Baltimore Comic Con 2010

Posted by under *like, Comics |

August 28th and 29th brought the 11th Annual Baltimore Comic Con to Charm City and Angie and I made some time to drive down and check it out. We were only able to attend on Saturday, but in the short time we were there it was clear that this is the show for true comics fans.

While the Baltimore Convention Center made for a smaller floorplan than Philadelphia Comic Con, the space was filled with more good stuff than Wizard‘s long running Philly show. Don’t get me wrong, Philly is a fun time, but Baltimore is almost exclusively comics without all of the sci-fi/celebrity stuff on top. That space is instead taken up with an artist alley spread throughout the floor and a far more pleasant atmosphere as no one is asking for your money to sign their autograph.

As far as the guests and comics industry content of the show, there was no official presence from Marvel or DC, but they did have have editors and creators in attendance and held panels to discuss their products. Todd McFarlane stood atop the guest list filled a host of great names in the world of comic books. Highlights for us included opportunities to speak with Jeff Parker, Mike Choi, and Georges Jeanty, who was shocked at how far behind I am on Buffy the Vampire Slayer Season 8 and said to catch up for #39. Other notable guests in attendance included Greg Horn, Adam Hughes, Mike Allred, Paul Pope, Tim Sale, Terry Moore and Jim Shooter. The real hit of the show for me was a surprise interaction with Richard Starkings. This is someone whose name is credited on hundreds of comics I’ve read as a letterer, but I came to learn he’s also the mind behind Image’s Elephantmen which I’ve heard nothing but good things about. He put a lot of time in with fans who stopped to talk and even provided a great sketch for me.

We only had time to attend Marvel‘s panel which consisted of a question answer session between the fans and Marvel Vice President/Executive Editor Tom Breevort and writers Jeff Parker and Jonathan Hickman. Most of the questions centered on current events in Hulk, Thunderbolts, SHIELD and Fantastic Four, with the most interesting character news being that the correct pronunciation of Wolverine’s son Daken’s name is “Dokken, like the band.” When asked about things like internet fan backlash with regard to what happens in their books, the three agreed that not every book is for every reader, it’s best to never compromise your work trying to guess what the audience is thinking, and staying true to the characters is most important. Many fans in attendance asked for a larger Marvel presence at future shows, and the Toronto Fan Expo falling on the same weekend was cited as a consideration for who can attend which event.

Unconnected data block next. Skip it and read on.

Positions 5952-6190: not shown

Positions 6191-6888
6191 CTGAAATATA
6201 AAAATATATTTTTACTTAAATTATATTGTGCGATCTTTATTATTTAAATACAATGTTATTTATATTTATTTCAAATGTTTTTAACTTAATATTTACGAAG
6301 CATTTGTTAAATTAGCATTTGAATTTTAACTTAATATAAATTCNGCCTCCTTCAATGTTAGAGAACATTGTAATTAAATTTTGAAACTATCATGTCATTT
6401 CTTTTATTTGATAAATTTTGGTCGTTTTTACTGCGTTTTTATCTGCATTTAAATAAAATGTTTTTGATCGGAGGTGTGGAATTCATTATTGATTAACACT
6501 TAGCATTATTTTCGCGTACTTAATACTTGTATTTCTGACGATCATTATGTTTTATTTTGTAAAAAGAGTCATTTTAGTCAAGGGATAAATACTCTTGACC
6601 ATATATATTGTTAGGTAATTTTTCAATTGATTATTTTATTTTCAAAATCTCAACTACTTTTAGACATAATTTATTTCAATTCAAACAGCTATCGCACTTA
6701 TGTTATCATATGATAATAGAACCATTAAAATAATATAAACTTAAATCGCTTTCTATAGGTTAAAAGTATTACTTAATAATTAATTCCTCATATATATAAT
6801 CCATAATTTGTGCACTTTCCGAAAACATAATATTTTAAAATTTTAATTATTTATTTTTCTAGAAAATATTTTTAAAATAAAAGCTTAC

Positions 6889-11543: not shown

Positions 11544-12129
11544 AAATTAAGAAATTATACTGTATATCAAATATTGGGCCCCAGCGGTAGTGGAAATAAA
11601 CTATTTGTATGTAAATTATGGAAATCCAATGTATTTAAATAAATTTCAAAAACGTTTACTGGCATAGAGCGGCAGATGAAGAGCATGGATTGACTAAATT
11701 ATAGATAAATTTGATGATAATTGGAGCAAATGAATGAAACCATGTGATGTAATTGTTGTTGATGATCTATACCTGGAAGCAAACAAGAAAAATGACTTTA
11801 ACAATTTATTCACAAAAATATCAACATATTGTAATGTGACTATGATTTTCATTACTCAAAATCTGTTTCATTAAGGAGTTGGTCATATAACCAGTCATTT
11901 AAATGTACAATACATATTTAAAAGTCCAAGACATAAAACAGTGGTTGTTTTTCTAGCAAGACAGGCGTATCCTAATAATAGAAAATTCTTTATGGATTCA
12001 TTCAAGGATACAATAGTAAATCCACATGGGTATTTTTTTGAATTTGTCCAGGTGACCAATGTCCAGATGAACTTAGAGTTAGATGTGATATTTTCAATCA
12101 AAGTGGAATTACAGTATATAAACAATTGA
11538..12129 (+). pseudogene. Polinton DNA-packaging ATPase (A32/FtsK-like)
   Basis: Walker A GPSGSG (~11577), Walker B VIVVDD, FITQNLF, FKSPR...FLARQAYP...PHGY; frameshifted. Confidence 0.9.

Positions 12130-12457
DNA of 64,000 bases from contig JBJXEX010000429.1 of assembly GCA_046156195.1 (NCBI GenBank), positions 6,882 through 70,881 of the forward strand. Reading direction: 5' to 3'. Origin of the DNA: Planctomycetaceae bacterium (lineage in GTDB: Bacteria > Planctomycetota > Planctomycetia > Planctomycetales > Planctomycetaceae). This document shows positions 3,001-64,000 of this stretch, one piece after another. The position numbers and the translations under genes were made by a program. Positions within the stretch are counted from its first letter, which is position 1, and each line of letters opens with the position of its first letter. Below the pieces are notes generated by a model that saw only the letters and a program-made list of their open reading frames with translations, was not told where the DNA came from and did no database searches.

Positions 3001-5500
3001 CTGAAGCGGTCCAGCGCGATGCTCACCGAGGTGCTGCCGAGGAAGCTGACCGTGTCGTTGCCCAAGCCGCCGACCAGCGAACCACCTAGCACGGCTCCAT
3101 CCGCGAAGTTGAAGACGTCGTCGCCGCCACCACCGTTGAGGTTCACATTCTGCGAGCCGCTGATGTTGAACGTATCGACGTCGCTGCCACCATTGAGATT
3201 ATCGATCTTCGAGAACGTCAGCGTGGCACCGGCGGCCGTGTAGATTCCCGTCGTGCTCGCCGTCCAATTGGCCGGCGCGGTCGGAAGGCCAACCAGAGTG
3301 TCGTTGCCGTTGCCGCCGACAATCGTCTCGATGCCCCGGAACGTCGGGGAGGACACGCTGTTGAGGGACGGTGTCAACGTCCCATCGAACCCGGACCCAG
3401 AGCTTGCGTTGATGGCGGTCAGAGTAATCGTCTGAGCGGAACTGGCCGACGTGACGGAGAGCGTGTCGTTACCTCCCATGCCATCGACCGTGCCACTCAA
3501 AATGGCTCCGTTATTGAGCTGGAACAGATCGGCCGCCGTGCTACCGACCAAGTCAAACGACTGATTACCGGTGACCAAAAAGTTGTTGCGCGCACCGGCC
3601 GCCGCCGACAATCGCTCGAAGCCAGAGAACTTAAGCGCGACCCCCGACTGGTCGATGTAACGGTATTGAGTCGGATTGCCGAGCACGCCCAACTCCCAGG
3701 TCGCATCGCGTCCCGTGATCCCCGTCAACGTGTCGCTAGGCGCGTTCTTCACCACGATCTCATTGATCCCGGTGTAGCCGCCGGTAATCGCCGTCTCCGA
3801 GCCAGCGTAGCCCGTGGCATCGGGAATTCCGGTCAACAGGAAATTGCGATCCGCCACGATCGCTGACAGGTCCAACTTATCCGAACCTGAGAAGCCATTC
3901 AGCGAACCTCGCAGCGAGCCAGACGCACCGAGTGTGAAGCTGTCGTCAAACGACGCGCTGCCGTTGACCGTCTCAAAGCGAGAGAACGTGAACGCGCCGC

The show also had a great small press presence including the creators of comics like Also, Bagels and Dead Fish Comics. These are the types of things that would fly right under the radar had the creators not gone out of their way to interact with fans in attendance. A vast array of illustrators including members of the Philadelphia Cartoonist Society were dotted throughout artists alley and offered a wide array of styles to enjoy. There was even a pretty eclectic mix of collectables including things like Utilikilts and Hero Goods Decor who put together decoupage bookshelves and picture frames using “recycled” comics featuring any character upon request.

Representatives from ComiXology, creators of comic reading applications for Apple’s iOS devices were in attendance and offered their own panel on the future of digital comics on Saturday morning. We had a chance to ask them about the direction things were headed and it seems that a drop to a $.99 price point is unlikely to be in the cards for all books. They also indicated that the number one question they get regarding Marvel Comics centers around the availability of their Digital Comics Unlimited subscription service on mobile devices. I made it clear that this was the only issue holding me back from diving into reading books on an iPad, but it seems we’re all going to have to wait and see what happens with Marvel on that front.

Overall, this was a great way to spend a Saturday. Well worth the trip if you’re a comic book fan. After 11 years, this show has a strong following and seems to be growing. Fans were still lining up to buy tickets three hours after the show began. It will be interesting to see how the New York Comic Con stacks up in October, as this was the best show I’ve attended in a long time.

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is a scientist by trade and a fan by nature. Born and raised in Philadelphia, he has spent a lifetime attending local educational institutions, collecting comic books, and watching professional wrestling. He is the founder of Break Even, an independent microlabel that specializes in releasing music from unknown artists.